Most of us tend to do the same things over and over and expect things to get better when it rains and prices improve. It’s like we are in a hole and we are convinced that the way out is to dig deeper faster. “Let’s get back to work,” we say. “We must not be working hard enough.” Our actions say, “This hasn’t worked in the past so let’s do more of it.” If some one were to tell us they were going to do more of something that hasn’t worked and expect things to turn around, we’d say they were crazy. But actions speak louder than words.
What is it that makes us think that continuing to work harder in our businesses to increase production efficiency will increase profit and strengthen our businesses? It hasn’t worked in the past. It won’t work in the future.
“Business as usual” usually means focusing on production, not profit. I was part of a committee interviewing graduate students in animal science for a livestock industry scholarship. One of the questions I asked was, “What is more important, production or profit?” I thought the question was too simple on its own, so, after they gave the obvious answer, profit, I had planned to ask each student a follow-up question: “Please describe which of these you feel our industry has focused on and give an example to justify your answer.” I was so dumbfounded by their answer to the first question that I never asked the follow-up. Every student said they felt that production was more important than profit. When the committee sat down for our deliberations and to make our selection I said “Can you believe how they answered my question?”
“What question?” someone asked.
“The one where I asked them what is more important, production or profit. They all said production!” I responded.
The group gave a collective “So? What’s wrong with that?”
At that point I realized how spoiled I had become by my association with Ranching For Profit School alumni. The production focus is pervasive.
A KIT Day (Keeping In Touch day) is a field day held on a Ranching For Profit School alumnus property for other alumni. Participants learn about the challenges facing the business and learn about the changes that have been made. They see what’s working and what’s not and then offer their suggestions for improvements. People who aren’t alumni are also invited to attend as long as they come with an alumnus who can explain some of the principles being applied to their guest. That way we can work at a deeper level than if we just opened the door to everyone.
We held a KIT day on an Executive Link member’s ranch that had shifted to June calving and had built about 50 paddocks. The host explained that performance took a bit of a dip at first, but has since come back up. The dip surprised me because the more usual experience is that conception rates are very high the first year because of the longer post-partum period. After tweaking the supplement program, the conception rate of this EL member’s cows came up to 92-94 per cent in their 45-day breeding season. That seemed pretty good to me, especially given the minimal inputs they gave their cattle and the tough environment in which these cows achieved this performance.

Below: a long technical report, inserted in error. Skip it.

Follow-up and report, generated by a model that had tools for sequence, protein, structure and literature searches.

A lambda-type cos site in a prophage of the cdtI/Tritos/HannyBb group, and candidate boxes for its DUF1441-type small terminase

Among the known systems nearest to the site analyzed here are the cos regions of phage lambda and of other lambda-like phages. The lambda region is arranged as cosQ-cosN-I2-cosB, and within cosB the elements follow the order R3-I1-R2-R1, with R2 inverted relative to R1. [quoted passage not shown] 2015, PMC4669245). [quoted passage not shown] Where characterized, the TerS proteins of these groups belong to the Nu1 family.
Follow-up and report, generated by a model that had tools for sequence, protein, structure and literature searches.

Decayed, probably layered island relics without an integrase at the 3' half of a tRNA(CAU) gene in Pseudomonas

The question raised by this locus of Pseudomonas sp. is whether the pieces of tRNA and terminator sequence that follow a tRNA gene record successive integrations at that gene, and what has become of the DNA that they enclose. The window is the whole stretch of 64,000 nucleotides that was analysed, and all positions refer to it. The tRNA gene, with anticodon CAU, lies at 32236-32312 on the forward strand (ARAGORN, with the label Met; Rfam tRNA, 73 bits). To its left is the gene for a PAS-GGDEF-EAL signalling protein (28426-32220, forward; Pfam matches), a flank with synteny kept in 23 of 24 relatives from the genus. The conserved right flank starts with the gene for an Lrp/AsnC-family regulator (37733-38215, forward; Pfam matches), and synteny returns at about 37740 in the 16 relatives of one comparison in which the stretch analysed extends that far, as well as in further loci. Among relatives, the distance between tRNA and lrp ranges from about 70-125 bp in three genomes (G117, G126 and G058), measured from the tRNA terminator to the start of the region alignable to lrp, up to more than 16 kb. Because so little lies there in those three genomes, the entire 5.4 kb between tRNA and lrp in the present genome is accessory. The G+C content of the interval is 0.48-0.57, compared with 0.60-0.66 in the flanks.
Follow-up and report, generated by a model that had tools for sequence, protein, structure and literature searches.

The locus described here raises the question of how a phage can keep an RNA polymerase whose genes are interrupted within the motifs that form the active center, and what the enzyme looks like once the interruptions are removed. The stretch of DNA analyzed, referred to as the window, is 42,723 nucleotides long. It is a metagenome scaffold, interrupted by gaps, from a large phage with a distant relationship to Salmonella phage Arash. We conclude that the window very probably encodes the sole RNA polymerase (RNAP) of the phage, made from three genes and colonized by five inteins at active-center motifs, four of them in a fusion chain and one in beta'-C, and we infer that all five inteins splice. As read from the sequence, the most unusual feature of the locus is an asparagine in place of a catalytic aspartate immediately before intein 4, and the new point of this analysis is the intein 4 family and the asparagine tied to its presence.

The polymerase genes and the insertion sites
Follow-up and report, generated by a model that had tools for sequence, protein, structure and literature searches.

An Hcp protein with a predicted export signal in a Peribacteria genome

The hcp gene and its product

But someone attending the KIT day who hadn’t been to the school, commented that the conception rates seemed a little low. They said that the conception rate for their 500-cow herd was typically 98 per cent. I didn’t say anything but I wondered if that level of performance was profitable. The problem is that in order to increase the conception rate by one per cent, from 97 to 98 per cent, they had to provide more inputs than 97 per cent of the animals needed. I wondered, “Did the production from the additional five pregnant cows cover the input costs for the 485 cows that didn’t need those inputs to get pregnant and the 10 cows (the last two per cent of the cows) that didn’t get pregnant even with those inputs?”
While a conception rate of 98 per cent is high, it doesn’t mean that those cows are efficient. Truly efficient cows would have high production without any inputs. To select efficient, low-input, high-output cows, the herd needs to be challenged. Some cows have to fail the test in order to select the ones that meet the challenge.
The person attending the KIT day with the 98 per cent conception rate claimed to have very good cattle. I wondered, “How can you tell?” To me the good ones are the ones that would be productive without any inputs. Under the current management scheme which relied on supplemental feed and other inputs, it would be impossible to identify the good ones (the profitable ones). Until the inputs are taken away, our good cows are indistinguishable from our bad cows.
North American ranchers lead the world in production per animal unit, and we continue to increase production. But has this strategy increased your profit? Has it put you in a stronger financial position, improved the health of your land or made it easier to bring your next kids into the business? Has it improved the quality of your life? If the answer to any of these is “No,” then what makes us think that continuing to increase production will have any different results in the future?
Our industry has hit the production bull’s eye, but we’ve been aiming at the wrong target. Instead of aiming for maximum production, which rarely results in maximum profit, we should be aiming at optimizing production to maximize profit. What is the optimum level of production? It differs from environment to environment, but the late reproductive specialist, Jim Wiltbank, recommended a target of 95 per cent conception in a 60-day breeding season, with 75 per cent conception rate in the first three weeks. That’s probably a reasonable standard for most rangeland environ-